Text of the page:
Emulsifying properties of a novel polysaccharide extracted from the seeds of basil (Ocimum basilicum L.) : a thesis presented in partial fulfilment of the requirements for the degree of Master of Technology in Food Technology at Massey University, Palmerston North, New Zealand

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Massey University
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The present study investigated the emulsifying properties of a novel polysaccharide extracted from the seeds of Basil (Ocimum bacilicum, L.). Emulsifying properties of basil seed gum (BSG) were evaluated in terms of emulsion droplet size distribution (d32 and d43), rheological properties (apparent viscosity and viscoelasticity), droplet charge (zeta potential), visual phase separation (at 20oC for 1 month period), and adsorption properties (surface/interfacial tensions). Soya oil-in-water emulsions (30% wt/wt) were formulated and stabilised by BSG containing <1.2% (wt/wt) protein and a major glucomannan fraction. Different BSG concentrations (0.1-1% wt/wt) were tested, as well as the effect of pH (1-12), salt (5-70 mM NaCl), heating (80oC, 30 mins) and purification (removal of proteins from gum) on 0.3% (wt/wt) BSG-stabilised oil-in-water emulsions. Emulsions with monomodal droplet distributions and with oil droplet size below 1.0 μm (d32) were formed with as little as 0.3% (wt/wt) BSG. The emulsifying properties of BSG were sensitive to changes in pH and salt. Generally, small emulsion droplets were formed at pH above 6.0 and low ionic strength. However, larger droplets were formed and zeta potential values decreased at low pH and high ionic strength. Microstructures confirmed the occurrence of coalescence over time. BSG appeared to exhibit strong hydrophobic character as fluorescing dye (usually for proteins) was detected at the interface, as well as polysaccharide inclusions were trapped within coalescing droplets after homogenisation, suggesting its strong adsorption. Heating and purification reduced the emulsifying properties of BSG. Nevertheless, the emulsions remained stable against phase separation. The rheological properties of BSG emulsions appeared to be dependent on gum concentration and purification, but independent on pH, salt, and heating, which suggests the resistance of BSG to processing conditions, and thereby it could provide strong emulsion stability. Surface/interfacial tension measurements confirmed the adsorption of BSG at the oil-water interfaces. All gum preparations (crude, purified and protein-free) exhibited an ability to lower the tensions at the interface. However, purification of the gum reduced its adsorption activity, indicating that (i) protein plays an important role in gum adsorption, but it is not an absolute driving force for adsorption and (ii) gum itself becomes altered by the purification process. BSG (0.17 % wt/wt carbohydrate purity) demonstrated excellent emulsifying and stabilising properties when compared to some other polysaccharides. Protein-free BSG produced larger droplets than crude BSG, but still it produced stable emulsions, comparable to other gums, such as sugar beet pectin. This suggests that the emulsifying and stabilising mechanism of the gum is not only ascribed to the surface-active protein moiety, but could also be attributed to the hydrophobic character of the polysaccharide itself. Overall, BSG is a promising gum, which can be considered as a novel hydrocolloid emulsifier.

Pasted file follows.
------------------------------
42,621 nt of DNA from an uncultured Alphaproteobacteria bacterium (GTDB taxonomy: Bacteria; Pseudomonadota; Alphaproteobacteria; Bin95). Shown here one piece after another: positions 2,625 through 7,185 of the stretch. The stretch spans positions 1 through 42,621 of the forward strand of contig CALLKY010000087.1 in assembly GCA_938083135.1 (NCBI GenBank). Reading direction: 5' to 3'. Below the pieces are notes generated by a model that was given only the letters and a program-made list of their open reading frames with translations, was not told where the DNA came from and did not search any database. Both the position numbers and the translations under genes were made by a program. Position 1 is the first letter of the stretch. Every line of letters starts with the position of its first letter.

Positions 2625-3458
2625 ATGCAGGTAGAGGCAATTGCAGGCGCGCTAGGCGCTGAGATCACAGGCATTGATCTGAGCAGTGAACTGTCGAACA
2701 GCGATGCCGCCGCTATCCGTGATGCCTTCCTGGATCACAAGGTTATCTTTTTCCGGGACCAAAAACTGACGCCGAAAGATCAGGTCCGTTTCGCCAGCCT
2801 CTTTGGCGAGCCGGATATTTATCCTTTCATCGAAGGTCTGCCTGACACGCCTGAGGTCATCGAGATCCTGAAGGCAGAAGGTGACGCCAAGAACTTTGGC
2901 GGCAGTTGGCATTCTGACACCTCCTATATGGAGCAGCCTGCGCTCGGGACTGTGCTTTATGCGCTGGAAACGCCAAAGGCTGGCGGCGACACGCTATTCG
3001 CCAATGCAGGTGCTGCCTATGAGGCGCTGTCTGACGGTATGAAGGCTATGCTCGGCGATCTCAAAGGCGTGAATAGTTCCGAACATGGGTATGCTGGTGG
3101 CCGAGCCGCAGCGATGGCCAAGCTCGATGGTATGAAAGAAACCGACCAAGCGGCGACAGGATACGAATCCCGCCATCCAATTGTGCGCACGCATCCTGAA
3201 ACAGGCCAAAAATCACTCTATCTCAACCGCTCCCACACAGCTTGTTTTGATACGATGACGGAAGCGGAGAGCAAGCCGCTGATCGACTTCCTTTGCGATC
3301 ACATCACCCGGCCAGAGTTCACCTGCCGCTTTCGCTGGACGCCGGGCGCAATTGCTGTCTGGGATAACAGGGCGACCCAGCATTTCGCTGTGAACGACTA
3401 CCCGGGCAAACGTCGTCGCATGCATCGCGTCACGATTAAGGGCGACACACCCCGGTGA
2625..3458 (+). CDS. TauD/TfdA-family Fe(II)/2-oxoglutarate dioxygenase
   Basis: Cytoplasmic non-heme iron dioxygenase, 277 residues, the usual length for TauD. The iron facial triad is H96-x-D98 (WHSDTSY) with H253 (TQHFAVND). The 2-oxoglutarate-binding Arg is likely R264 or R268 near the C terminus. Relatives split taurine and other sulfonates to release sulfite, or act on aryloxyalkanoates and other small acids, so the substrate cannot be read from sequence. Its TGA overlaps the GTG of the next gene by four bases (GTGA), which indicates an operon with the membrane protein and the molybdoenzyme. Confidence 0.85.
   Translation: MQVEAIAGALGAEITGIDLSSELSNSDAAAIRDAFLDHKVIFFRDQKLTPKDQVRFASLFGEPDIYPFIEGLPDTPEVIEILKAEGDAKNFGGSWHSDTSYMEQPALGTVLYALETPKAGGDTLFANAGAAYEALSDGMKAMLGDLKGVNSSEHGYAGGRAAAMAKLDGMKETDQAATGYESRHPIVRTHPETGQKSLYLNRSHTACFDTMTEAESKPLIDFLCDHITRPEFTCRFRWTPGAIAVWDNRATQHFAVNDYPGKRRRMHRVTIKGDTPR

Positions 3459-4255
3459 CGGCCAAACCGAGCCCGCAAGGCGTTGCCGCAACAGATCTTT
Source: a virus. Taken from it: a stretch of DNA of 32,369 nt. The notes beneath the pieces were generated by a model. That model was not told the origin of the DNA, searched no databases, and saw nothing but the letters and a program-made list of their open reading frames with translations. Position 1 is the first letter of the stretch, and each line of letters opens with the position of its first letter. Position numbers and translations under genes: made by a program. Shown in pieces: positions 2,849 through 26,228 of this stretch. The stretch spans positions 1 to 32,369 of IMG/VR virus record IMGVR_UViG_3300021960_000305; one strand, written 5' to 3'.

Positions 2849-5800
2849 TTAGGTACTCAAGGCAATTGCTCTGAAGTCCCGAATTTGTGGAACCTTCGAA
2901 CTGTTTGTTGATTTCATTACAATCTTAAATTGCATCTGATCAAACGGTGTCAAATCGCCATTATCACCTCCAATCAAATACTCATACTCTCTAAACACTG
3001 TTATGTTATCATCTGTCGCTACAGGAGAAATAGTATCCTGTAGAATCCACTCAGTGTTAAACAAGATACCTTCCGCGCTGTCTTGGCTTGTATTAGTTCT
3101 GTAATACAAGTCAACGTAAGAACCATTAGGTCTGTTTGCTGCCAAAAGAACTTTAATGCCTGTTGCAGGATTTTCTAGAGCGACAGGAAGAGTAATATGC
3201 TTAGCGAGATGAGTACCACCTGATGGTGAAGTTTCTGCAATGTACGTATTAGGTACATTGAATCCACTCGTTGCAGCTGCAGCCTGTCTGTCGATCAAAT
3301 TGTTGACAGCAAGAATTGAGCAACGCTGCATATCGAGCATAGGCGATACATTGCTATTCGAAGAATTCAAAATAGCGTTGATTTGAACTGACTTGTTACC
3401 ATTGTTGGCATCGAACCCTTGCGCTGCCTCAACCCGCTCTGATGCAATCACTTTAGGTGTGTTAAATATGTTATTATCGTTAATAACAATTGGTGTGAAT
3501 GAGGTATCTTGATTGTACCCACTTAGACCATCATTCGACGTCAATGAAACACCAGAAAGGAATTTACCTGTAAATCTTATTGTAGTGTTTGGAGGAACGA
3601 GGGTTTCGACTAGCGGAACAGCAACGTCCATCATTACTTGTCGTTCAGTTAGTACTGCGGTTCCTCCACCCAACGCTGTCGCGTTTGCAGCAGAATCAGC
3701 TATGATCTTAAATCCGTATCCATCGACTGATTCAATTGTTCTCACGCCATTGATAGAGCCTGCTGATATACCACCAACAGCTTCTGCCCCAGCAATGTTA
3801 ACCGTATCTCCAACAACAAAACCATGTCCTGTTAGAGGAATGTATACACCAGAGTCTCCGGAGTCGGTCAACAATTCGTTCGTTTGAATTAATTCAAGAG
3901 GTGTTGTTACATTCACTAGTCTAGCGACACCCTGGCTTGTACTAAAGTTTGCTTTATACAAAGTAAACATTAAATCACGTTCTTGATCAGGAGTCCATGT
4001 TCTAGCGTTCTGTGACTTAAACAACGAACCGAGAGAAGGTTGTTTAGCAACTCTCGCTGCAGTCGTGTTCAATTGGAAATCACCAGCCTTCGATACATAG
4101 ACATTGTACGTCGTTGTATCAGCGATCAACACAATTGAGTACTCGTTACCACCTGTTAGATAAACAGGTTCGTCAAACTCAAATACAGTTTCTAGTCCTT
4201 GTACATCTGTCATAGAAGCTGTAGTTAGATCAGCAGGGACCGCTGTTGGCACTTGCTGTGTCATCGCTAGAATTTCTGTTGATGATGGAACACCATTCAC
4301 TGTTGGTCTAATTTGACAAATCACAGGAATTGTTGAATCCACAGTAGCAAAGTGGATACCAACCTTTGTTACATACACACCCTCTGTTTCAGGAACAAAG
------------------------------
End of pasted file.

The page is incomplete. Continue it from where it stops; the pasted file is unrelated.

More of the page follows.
Emulsions, Food additives, Food technology, Basil seed gum (BSG), Hydrocolloid emulsifier, Polysaccharides